Appeal from the Order of the Court of Common Pleas of Columbia County, Criminal Division, at No. 165 May Term, 1974. NO. 1680 OCTOBER TERM, 1975.
Gailey C. Keller, Bloomsburg, for appellant.
Thomas Arthur James, Jr., Berwick, for appellee.
Watkins, President Judge, and Jacobs, Hoffman, Cercone, Price, Van der Voort and Spaeth, JJ. Hoffman, J., files a dissenting opinion in which Spaeth, J., joins.
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On July 1, 1974, appellee George Janek and a companion, a minor, were arrested by Pennsylvania State Policemen John Parcell and John Freed, while leaving a field belonging to Janek's mother, Mrs. Lillian Sukup. The field was not visible from the nearest public road, and was posted with "No Trespassing" signs signed by Mrs. Sukup's husband. The field contained a tent, various gardening implements, approximately two hundred live marijuana plants, and a five or ten pound can of Miracle Grow fertilizer. Appellee was charged with possession
[ 242 Pa. Super. Page 342]
with intent to manufacture or deliver drugs, and with unlawful possession of a controlled substance. Appellee filed a timely motion to suppress all evidence obtained by the police in connection with the arrest, which motion was granted by the lower court on June 5, 1975. The Commonwealth took this direct appeal to our Court from the lower court's Order granting the suppression motion. We find that the lower court erred in granting the motion, and we reverse.
Appellee argues that the police were unlawfully on his mother's property, and that all evidence discovered by the police while there should be inadmissible against him. We disagree. In Hester v. United States, 265 U.S. 57, 44 S.Ct. 445, 68 L.Ed. 898 (1924), federal revenue agents on private land without a search or arrest warrant, observed petitioner Charlie Hester drop a jug of moonshine. The Supreme Court stated: "It is obvious that even if their had been a trespass, the above testimony was not obtained by an illegal search or seizure. The defendant's own acts, and those of his associates, disclosed the jug, the jar, and the bottle -- and there was no seizure in the sense of the law when the officers examined the contents of each after it had been abandoned. . . . The only shadow of a ground for bringing up the case is drawn from the hypothesis that the examination of the vessels took place upon Hester's father's land. As to that, it is enough to say that, apart from the justification, the special protection accorded by the Fourth Amendment to the people in their 'persons, houses, papers, and effects,' is not extended to the open fields." 265 U.S. at 58-59, 44 S.Ct. at 446. Hester has not been overruled, and in fact has been cited by the Supreme Court in recent cases, including Air Pollution Variance Board v. Western Alfalfa, 416 U.S. 861, 865, 94 S.Ct. 2114, 40 L.Ed.2d 607 (1974). We believe that the situation in the case before us is essentially the same as the situation in Hester, and we find that officers Parcell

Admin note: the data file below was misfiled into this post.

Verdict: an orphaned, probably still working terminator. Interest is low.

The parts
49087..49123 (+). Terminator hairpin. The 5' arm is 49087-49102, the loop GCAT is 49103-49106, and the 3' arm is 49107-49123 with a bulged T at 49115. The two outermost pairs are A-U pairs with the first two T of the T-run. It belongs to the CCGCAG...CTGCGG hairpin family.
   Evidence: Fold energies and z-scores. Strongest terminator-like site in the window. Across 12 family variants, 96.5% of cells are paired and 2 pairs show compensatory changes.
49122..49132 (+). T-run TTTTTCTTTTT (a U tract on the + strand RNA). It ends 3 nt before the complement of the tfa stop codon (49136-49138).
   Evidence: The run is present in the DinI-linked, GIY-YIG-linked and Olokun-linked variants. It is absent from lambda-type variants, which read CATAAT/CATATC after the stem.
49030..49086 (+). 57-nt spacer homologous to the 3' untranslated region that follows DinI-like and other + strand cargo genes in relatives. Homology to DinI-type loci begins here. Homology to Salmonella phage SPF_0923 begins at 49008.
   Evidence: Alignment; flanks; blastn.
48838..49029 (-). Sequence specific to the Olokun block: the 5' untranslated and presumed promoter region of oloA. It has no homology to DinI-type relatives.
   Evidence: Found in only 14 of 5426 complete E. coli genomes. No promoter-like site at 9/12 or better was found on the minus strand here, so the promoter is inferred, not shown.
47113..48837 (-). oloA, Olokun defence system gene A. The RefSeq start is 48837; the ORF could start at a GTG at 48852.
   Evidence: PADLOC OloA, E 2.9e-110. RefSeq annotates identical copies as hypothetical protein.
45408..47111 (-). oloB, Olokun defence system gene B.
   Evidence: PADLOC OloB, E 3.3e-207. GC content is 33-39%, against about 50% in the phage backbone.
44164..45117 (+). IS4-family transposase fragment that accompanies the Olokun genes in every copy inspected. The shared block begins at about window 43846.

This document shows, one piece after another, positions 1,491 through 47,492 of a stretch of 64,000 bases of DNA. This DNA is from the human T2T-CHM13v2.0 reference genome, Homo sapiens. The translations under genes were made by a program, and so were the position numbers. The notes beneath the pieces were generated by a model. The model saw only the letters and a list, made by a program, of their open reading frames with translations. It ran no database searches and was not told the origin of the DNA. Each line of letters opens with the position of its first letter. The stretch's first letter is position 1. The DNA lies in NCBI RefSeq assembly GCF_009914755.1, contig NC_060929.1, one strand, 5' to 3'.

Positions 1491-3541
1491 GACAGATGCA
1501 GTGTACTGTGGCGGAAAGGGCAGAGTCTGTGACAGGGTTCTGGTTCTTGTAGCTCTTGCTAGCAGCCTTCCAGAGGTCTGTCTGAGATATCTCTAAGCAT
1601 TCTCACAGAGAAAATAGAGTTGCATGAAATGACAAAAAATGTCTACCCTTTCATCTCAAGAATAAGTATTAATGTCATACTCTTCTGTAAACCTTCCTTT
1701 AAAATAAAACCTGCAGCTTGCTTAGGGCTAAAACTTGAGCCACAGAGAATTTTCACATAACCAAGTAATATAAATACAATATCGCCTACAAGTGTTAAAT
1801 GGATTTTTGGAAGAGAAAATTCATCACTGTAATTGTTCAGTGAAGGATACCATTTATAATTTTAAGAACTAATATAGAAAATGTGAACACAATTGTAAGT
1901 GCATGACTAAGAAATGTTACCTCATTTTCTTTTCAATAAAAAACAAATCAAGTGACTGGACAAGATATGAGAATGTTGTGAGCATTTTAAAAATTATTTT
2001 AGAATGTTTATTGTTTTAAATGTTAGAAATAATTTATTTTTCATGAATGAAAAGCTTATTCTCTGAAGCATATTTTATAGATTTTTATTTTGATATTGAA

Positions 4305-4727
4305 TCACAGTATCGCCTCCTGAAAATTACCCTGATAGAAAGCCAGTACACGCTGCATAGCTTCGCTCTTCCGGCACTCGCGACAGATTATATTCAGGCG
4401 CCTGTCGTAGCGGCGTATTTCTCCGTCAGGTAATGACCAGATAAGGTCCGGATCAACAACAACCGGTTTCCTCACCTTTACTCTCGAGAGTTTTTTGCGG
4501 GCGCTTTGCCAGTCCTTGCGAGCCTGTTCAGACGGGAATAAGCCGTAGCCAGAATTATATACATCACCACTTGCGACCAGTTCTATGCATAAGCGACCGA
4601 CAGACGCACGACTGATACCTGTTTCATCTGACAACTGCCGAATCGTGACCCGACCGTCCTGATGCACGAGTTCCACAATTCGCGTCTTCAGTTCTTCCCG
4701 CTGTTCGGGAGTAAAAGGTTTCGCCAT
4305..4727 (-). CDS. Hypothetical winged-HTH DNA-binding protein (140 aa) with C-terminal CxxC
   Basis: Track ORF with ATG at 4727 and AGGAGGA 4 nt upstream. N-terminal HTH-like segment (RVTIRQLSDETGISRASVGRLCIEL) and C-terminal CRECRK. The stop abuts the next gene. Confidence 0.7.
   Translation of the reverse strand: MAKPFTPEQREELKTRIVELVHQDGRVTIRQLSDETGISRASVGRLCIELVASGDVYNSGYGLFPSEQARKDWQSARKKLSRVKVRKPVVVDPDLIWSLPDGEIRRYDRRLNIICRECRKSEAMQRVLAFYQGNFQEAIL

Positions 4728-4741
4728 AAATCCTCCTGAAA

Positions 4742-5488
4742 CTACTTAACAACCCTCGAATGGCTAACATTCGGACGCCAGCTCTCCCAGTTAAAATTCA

[ 242 Pa. Super. Page 343]
and Freed were justifiably in position to observe the illegal acts and to seize the marijuana and gardening implements.
Even if we were to conclude that Hester is distinguishable from the case before us, or that it no longer has legal validity in light of Katz v. United States, 389 U.S. 347, 88 S.Ct. 507, 19 L.Ed.2d 576 (1967), (the conclusion drawn by the lower court in granting appellee's suppression motion), we find that the police were on the property with the consent of the husband of the record owner, and we would still find it necessary to reverse. In Frazier v. Cupp, 394 U.S. 731, 89 S.Ct. 1420, 22 L.Ed.2d 684 (1969), the joint user of a duffel bag gave permission to police officers to search the bag. The resulting search disclosed evidence which was used to convict the owner of the bag of second degree murder. The Supreme Court held that the joint user of the bag "clearly had authority to consent to its search," and that the petitioner "assumed the risk that [the joint user] would allow someone else to look inside." 394 U.S. at 740, 89 S.Ct. at 1425. In the case before us, appellee's step-father, a person married to and residing with the record owner of the property, requested that the police check the property in question in order to prevent further vandalism. Although the record owner of the property testified that she had not consented at any time to the presence of the police on the property, and that to the best of her knowledge her husband had never given any consent, the woman also testified, in apparent contradiction: "[a]fter the fire, we were refused protection by the State Police." State Police ...